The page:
Thus the earls of Cumberland and Essex, Sir Richard Greenvile, Sir Walter Raleigh, Sir Humphrey Gilbert, Sir Robert Dudley, and, many other persons of rank and fortune, employed great sums of money, and exposed themselves to the greatest dangers, in expeditions against the Spaniards, making discoveries in distant parts of the world, and planting colonies, which were the glory of those times. Among these, no one distinguished himself more than the gentleman whose voyage forms the subject of this chapter: whether we consider the expence he incurred, the difficulties he encountered, or the success of his enterprise; all of which proceeded from that greatness of mind and ardent desire of fame, which taught him to despise danger and to encounter fatigue, at an age when most men of fortune think the season of youth a sufficient excuse for the indulgence of luxury and ease.
Thomas Candish, or Cavendish, of Trimley, in the county of Suffolk, Esquire, was a gentleman of an honourable family and large estate, which lay in the neighbourhood of Ipswich, then a place of very considerable trade. This circumstance gave him an early inclination for the sea, which he gratified as soon as he came of age, by selling part of his estate, and employing the money in equipping a stout bark of 120 tons, called the Tiger, in which he accompanied Sir Richard Greenvile in his voyage to Virginia in 1585. In this expedition he underwent many dangers and difficulties, without any profit, but returned safe to Falmouth on the 6th October of the same year. This want of success did not discourage him from undertaking still greater and more hazardous expeditions. Having, in his voyage to Virginia, seen a considerable part of the Spanish West Indies, and conversed with some persons who had sailed with Sir Francis Drake in, his circumnavigation, he became desirous of undertaking a similar voyage, as well for repairing the loss he had sustained in this first expedition, as to emulate that great and fortunate commander, who was now raised to the highest honours in his profession.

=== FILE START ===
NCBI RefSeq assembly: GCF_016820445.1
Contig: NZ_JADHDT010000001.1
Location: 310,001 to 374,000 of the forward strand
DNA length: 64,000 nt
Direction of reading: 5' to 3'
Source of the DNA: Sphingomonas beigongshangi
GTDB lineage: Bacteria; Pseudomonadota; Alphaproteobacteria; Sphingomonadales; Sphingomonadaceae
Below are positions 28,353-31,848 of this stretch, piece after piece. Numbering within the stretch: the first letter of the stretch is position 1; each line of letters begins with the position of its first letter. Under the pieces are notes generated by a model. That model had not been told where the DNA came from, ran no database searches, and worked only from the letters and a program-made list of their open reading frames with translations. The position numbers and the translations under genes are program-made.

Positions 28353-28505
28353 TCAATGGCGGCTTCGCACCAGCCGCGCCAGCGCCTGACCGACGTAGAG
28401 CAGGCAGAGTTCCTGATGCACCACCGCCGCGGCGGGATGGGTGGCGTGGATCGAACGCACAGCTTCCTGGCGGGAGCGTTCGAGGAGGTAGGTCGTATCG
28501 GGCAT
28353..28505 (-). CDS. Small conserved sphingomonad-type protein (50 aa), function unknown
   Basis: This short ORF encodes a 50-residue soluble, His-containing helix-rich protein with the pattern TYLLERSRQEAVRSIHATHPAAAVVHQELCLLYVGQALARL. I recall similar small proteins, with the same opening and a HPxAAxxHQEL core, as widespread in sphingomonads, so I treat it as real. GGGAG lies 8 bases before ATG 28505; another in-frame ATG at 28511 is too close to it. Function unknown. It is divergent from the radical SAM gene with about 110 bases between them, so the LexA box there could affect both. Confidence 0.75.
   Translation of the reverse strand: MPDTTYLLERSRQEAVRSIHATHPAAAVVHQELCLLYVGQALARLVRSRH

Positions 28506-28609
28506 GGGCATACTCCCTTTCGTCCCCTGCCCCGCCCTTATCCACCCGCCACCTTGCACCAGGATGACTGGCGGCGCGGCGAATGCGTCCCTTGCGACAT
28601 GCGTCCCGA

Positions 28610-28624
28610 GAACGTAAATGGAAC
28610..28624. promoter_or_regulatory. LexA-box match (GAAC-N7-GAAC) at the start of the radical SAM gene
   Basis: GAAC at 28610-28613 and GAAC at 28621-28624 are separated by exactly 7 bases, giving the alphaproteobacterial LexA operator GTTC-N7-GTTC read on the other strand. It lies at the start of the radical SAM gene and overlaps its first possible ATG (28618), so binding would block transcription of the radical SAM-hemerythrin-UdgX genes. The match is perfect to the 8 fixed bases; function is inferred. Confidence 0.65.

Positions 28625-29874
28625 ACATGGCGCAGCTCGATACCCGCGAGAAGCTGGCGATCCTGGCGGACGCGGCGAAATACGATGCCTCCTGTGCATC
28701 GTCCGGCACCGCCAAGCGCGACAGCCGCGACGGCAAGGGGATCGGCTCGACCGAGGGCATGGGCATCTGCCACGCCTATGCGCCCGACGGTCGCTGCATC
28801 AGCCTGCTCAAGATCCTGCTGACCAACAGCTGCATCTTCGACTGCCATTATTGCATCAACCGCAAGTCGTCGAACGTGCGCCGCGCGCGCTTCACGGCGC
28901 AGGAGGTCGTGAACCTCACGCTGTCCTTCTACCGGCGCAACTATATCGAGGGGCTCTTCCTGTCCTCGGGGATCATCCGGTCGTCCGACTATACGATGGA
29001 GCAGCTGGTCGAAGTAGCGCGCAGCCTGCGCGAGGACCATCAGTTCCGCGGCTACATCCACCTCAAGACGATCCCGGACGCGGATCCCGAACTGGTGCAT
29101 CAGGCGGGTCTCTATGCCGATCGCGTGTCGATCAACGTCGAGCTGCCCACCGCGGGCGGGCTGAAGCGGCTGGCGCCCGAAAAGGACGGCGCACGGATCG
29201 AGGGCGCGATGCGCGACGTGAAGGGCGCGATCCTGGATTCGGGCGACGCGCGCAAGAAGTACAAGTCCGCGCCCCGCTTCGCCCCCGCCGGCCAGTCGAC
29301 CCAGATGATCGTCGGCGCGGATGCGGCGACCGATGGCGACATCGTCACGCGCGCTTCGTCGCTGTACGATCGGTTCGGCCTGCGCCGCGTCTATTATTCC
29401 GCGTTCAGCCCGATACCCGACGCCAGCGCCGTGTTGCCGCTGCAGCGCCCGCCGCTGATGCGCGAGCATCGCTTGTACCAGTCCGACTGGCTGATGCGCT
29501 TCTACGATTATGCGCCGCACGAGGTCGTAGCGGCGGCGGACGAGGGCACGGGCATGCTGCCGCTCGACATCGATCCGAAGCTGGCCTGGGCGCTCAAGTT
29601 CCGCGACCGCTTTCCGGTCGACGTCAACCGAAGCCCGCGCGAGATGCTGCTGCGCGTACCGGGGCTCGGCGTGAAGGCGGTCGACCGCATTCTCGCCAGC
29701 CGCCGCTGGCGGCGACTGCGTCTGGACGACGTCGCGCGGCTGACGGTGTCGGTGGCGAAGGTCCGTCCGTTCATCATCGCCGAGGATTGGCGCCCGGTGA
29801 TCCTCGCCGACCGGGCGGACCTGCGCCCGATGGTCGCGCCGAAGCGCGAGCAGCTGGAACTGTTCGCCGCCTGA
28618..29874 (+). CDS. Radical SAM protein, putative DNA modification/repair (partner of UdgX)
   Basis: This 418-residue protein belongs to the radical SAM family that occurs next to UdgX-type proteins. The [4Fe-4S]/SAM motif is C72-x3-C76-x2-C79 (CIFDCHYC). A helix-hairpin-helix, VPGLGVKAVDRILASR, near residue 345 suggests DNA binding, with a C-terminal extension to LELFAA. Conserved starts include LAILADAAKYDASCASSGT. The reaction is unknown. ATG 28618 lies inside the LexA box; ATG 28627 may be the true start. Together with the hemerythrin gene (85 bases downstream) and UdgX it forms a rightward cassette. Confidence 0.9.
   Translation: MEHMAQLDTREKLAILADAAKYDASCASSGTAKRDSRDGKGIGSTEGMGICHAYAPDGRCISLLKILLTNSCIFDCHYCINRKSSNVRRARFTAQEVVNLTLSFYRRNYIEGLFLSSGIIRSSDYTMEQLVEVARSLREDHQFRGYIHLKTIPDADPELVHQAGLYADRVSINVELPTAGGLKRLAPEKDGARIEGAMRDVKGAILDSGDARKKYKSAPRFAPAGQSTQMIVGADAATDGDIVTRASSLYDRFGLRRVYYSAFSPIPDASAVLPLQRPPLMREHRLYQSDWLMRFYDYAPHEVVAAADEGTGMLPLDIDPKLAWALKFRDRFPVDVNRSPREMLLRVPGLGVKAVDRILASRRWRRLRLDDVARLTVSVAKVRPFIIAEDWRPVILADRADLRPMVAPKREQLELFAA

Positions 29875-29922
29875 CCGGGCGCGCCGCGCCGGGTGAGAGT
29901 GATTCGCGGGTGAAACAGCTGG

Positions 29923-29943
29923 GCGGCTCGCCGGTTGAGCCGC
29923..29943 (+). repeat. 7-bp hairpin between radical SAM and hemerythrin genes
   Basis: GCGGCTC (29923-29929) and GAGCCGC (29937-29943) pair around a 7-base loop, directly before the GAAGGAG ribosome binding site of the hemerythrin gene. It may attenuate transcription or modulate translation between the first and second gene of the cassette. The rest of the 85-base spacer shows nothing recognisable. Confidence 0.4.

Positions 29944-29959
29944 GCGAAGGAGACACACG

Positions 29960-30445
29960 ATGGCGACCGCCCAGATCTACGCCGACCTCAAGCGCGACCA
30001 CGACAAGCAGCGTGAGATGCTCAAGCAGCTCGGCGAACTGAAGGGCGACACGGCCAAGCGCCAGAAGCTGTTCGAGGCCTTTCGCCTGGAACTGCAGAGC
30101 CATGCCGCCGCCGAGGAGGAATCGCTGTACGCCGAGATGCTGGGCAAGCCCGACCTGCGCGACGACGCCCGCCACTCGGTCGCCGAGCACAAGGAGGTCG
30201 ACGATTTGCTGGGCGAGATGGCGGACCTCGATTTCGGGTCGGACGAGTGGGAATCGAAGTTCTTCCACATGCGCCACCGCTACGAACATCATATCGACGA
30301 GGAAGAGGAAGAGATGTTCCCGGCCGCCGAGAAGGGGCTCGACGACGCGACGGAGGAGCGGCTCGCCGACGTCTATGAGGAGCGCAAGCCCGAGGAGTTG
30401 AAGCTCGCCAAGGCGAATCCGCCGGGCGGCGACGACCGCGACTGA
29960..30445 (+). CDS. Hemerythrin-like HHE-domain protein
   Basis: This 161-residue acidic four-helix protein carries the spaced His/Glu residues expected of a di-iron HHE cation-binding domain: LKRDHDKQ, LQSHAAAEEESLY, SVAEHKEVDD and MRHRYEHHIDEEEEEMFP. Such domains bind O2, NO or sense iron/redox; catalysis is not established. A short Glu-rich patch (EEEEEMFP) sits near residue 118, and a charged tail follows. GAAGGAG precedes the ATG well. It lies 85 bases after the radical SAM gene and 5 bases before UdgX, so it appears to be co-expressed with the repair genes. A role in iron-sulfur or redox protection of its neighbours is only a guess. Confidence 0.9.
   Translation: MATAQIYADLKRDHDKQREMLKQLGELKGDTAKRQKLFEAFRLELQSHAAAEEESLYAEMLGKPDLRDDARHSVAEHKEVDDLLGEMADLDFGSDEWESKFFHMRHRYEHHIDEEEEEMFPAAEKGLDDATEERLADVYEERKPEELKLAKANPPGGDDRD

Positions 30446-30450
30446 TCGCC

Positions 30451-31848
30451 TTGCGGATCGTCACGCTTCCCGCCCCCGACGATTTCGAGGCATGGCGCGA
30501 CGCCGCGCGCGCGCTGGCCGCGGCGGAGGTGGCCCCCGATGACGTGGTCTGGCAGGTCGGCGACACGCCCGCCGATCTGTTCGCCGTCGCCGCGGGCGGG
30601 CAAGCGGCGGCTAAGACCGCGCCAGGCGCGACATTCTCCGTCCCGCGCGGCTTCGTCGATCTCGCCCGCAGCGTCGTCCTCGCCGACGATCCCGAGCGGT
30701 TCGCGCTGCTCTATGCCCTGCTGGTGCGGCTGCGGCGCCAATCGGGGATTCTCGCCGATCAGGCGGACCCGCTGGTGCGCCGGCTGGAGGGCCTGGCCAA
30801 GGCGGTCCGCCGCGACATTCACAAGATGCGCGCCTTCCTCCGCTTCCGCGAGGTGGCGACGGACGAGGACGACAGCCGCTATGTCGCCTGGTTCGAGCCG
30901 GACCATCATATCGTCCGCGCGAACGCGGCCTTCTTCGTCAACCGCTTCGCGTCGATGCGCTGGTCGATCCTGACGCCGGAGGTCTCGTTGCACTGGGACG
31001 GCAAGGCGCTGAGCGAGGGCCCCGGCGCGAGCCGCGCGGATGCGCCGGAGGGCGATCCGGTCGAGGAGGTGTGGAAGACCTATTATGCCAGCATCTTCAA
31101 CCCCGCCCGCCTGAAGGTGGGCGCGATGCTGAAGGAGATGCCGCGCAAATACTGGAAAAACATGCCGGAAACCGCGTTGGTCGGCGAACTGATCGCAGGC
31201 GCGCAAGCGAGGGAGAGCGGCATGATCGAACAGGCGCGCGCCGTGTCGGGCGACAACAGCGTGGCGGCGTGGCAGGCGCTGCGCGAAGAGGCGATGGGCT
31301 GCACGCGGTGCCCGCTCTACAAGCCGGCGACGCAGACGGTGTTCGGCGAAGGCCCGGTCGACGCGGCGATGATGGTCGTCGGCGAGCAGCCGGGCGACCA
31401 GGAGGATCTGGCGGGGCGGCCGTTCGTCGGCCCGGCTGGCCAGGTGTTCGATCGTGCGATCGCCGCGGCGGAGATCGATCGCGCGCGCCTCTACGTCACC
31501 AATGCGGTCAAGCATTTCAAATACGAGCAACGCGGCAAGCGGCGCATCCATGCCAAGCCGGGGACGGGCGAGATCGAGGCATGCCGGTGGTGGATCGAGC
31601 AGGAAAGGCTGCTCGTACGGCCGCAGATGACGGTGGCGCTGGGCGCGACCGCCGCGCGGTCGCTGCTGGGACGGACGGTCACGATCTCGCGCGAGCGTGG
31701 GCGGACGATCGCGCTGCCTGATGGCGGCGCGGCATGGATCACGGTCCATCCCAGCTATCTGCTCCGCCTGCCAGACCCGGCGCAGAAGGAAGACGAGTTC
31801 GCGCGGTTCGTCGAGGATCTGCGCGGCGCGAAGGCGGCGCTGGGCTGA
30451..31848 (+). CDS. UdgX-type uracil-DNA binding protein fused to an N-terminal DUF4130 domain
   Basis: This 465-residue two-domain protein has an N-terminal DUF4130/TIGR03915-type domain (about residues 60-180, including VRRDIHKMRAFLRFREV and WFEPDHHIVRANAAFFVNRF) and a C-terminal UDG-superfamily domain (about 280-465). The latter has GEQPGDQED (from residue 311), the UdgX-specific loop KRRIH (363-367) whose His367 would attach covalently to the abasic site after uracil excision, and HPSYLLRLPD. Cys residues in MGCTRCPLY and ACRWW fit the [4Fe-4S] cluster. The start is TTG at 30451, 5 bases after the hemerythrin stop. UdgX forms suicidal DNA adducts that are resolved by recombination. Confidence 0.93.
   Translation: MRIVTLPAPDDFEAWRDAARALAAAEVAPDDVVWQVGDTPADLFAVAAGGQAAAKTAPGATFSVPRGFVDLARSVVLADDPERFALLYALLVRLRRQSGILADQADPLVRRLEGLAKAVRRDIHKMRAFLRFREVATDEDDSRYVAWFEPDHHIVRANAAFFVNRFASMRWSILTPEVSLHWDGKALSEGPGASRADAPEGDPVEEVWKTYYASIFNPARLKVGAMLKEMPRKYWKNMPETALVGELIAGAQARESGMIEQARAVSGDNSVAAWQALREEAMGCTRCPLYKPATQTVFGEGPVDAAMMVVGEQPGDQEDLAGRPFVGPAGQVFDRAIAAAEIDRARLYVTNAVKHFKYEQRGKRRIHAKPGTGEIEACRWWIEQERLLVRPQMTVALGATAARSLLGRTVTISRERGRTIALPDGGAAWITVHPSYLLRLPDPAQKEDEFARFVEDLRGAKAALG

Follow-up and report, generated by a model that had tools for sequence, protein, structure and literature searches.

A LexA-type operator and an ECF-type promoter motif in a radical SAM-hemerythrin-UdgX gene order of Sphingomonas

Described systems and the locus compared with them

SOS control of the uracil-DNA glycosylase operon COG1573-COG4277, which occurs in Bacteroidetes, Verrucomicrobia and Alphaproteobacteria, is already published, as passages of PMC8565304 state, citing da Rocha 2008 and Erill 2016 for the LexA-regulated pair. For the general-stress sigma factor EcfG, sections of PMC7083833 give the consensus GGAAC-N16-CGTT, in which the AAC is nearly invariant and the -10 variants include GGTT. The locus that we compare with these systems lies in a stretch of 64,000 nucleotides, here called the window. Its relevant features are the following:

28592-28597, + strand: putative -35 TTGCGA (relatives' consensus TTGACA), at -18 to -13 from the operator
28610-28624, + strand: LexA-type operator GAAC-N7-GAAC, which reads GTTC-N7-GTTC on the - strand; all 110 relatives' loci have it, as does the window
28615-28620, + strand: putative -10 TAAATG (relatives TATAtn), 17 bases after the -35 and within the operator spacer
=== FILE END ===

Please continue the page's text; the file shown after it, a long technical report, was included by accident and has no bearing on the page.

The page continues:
Returning home, therefore, he immediately applied himself to make such preparations as were necessary for the accomplishment of his new design; and either sold or mortgaged his estate, to procure a sufficient sum for building and equipping two such ships as he deemed requisite for the voyage; using such diligence, that his carpenters were at work upon his largest ship within a month, and in six months more his little squadron was entirely finished, and completely supplied with every necessary for the voyage.
The narrative of this voyage is chiefly taken from that given by Harris, compared and corrected from that in the collection of Hakluyt, which is said to have been written by Mr. Francis Pretty of Eye, in Suffolk, a gentleman who sailed, in the expedition. In Hakluyt, this circumnavigation is thus styled:—“The admirable and prosperous voyage of the worshipful Mr. Thomas Candish of Trimley, in the county of Suffolk, Esquire, into the South Sea, and from thence round about the circumference of the whole earth, began in the year of our Lord 1586, and finished 1588.”